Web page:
4 Factors That Influence Your Credit Card LimitEstimated reading time: 3 minutes

4 Factors That Influence Your Credit Card Limit

Posted on Friday, December 22nd, 2017 | By IndusInd Bank

The amount of credit you are allowed, also known as the spending limit or the credit limit, is the most important aspect to look at when you apply for a credit card.

Setting the right limit is essential as it must appeal to the customer while being acceptable and comfortable for the bank.

The calculation is based primarily on your individual income and usage, but other factors such as your debt obligations and other expenses are also taken into consideration by sourcing information about your finances through the income documents submitted along with your association with outlets and brands. Though this could seem like a complicated calculation process, there are essentially just four main factors that influence the spending limit set on your credit card. These are –

1. Salary/Income

This is the most considerable factor in determining one’s credit limit., depending upon your appetite for risk. If you have multiple sources of income, disclosing all of them at the time of application would work well in your favour and the chances are that your upper limit would get pushed up sizably.

2. Credit Score

Extending credit is almost like giving a loan, so any lender would analyse your credibility before issuing you a credit card. Through your credit reports, your personal details along with all your financial dealings including bill payments, credit history and account transactions are studied by the lender. Previous borrowings and the manner in which you repaid them is closely looked at.

One of the most important bits of information in a credit report is the credit score. This has the potential to make the difference between a low credit limit and a feature loaded, high limit credit card. The higher your credit score, the greater are the chances of you being eligible for the latter. New users might not get a very high credit limit to begin with, but if the bills are paid on time, the credit score will go up and the limit would be increased soon. A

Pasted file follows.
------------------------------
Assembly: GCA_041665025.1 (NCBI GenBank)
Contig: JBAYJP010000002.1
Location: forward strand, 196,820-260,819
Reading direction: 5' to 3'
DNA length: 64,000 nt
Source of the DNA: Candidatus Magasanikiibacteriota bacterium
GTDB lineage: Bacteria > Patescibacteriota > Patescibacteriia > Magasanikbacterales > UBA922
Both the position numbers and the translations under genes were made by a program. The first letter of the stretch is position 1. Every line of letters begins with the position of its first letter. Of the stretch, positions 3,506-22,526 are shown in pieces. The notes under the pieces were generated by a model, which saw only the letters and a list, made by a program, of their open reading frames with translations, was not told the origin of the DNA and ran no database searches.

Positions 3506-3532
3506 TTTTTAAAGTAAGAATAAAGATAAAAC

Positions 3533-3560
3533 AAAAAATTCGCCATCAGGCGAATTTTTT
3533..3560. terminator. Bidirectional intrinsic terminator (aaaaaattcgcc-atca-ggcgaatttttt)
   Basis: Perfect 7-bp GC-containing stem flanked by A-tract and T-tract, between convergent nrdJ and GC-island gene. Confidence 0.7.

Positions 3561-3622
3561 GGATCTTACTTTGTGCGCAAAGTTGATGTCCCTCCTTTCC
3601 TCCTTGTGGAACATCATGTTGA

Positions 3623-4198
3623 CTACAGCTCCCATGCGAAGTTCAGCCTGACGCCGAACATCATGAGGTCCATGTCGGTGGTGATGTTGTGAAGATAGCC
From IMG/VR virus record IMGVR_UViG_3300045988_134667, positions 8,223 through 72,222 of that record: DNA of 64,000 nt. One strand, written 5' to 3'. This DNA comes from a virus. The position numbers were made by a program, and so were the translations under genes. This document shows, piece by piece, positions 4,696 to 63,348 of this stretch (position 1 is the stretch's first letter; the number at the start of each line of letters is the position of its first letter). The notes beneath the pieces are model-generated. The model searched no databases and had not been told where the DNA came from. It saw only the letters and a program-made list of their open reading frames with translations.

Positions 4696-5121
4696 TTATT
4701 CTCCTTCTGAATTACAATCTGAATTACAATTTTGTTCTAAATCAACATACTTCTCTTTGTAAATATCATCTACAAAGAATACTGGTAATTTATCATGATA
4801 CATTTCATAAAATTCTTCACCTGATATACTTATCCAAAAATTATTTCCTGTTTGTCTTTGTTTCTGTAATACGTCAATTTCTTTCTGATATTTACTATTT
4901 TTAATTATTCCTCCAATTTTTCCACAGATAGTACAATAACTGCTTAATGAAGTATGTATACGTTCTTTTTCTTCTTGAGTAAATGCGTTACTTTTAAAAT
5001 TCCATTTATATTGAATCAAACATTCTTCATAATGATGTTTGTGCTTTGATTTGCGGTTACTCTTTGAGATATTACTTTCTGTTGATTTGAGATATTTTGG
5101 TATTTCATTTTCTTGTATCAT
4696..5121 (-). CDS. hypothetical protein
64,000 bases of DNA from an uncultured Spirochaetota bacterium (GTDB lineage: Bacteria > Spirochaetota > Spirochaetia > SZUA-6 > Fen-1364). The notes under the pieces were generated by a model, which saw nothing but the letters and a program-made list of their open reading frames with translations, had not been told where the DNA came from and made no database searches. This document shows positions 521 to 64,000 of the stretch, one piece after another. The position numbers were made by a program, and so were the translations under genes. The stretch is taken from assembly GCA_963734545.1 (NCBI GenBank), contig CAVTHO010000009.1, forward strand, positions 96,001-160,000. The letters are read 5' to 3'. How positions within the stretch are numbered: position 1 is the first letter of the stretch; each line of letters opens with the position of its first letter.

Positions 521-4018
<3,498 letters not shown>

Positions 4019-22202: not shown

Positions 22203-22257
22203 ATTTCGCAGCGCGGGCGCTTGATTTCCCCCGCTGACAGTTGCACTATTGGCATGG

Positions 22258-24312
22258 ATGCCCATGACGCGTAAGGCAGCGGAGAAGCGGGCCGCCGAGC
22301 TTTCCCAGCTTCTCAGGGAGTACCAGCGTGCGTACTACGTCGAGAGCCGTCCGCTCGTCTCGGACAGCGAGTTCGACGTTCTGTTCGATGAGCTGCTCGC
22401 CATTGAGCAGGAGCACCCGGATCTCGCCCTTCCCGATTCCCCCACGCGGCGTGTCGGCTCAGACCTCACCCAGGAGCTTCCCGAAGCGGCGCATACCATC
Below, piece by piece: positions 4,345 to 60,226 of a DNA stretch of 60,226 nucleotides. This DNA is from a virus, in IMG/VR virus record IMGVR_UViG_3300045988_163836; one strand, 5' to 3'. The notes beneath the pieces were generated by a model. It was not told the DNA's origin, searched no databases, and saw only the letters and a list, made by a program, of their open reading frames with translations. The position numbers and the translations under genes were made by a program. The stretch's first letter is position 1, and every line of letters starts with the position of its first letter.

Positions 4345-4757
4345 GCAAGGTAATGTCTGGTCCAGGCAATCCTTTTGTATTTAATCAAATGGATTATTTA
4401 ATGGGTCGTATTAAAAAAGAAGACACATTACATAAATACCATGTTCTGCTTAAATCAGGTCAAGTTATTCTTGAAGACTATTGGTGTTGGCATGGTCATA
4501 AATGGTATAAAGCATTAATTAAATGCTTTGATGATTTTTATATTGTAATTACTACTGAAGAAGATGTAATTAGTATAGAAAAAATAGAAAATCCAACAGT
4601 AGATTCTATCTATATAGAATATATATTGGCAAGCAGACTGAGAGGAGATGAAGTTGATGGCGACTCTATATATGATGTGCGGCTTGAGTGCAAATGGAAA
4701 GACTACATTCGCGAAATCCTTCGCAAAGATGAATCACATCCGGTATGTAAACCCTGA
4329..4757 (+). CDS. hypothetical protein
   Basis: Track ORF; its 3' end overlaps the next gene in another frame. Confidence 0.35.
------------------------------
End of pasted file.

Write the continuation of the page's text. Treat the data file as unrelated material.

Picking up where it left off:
great way to ensure that your score goes up is by paying your bills on time and keeping your credit utilisation ratio below 30%.

3. Ongoing Loans/EMIs

While setting the credit limit, the amount of money that you save after your expenditures is what matters. If your bank statements suggest a good amount of savings on your total income, chances of a higher upper limit are increased.

When you have existing financial obligations, the impact of those obligations on your income and consequently on your ability to pay bills on time will be looked into. In case you are paying monthly instalments against a loan, the amount you save on your gross income is dented. However, it is the extent of this dent on your income that is assessed before issuing you the credit card. So if existing claims take up a large chunk of your income, your ability to make payments is reduced and in turn, so is the limit on your credit card. But if you ensure that your EMIs constitute a small portion of your total income, your spending limit should not be affected.

4. Your Portfolio with the Issuing Bank

The relationship value you share with a bank could go a long way in striking a good credit card deal with them. If you approach the bank in which you hold a savings account and base your application for a credit card on the frequency of transactions made through that account, chances of issuance with a good credit limit are automatically high. Even if you have availed other products from that bank, like FDs, RDs or insurance plans, there is a great likelihood of higher upper limits being sanctioned to you. It is smart, therefore, to look at applying to banks with whom you share a good relationship value.

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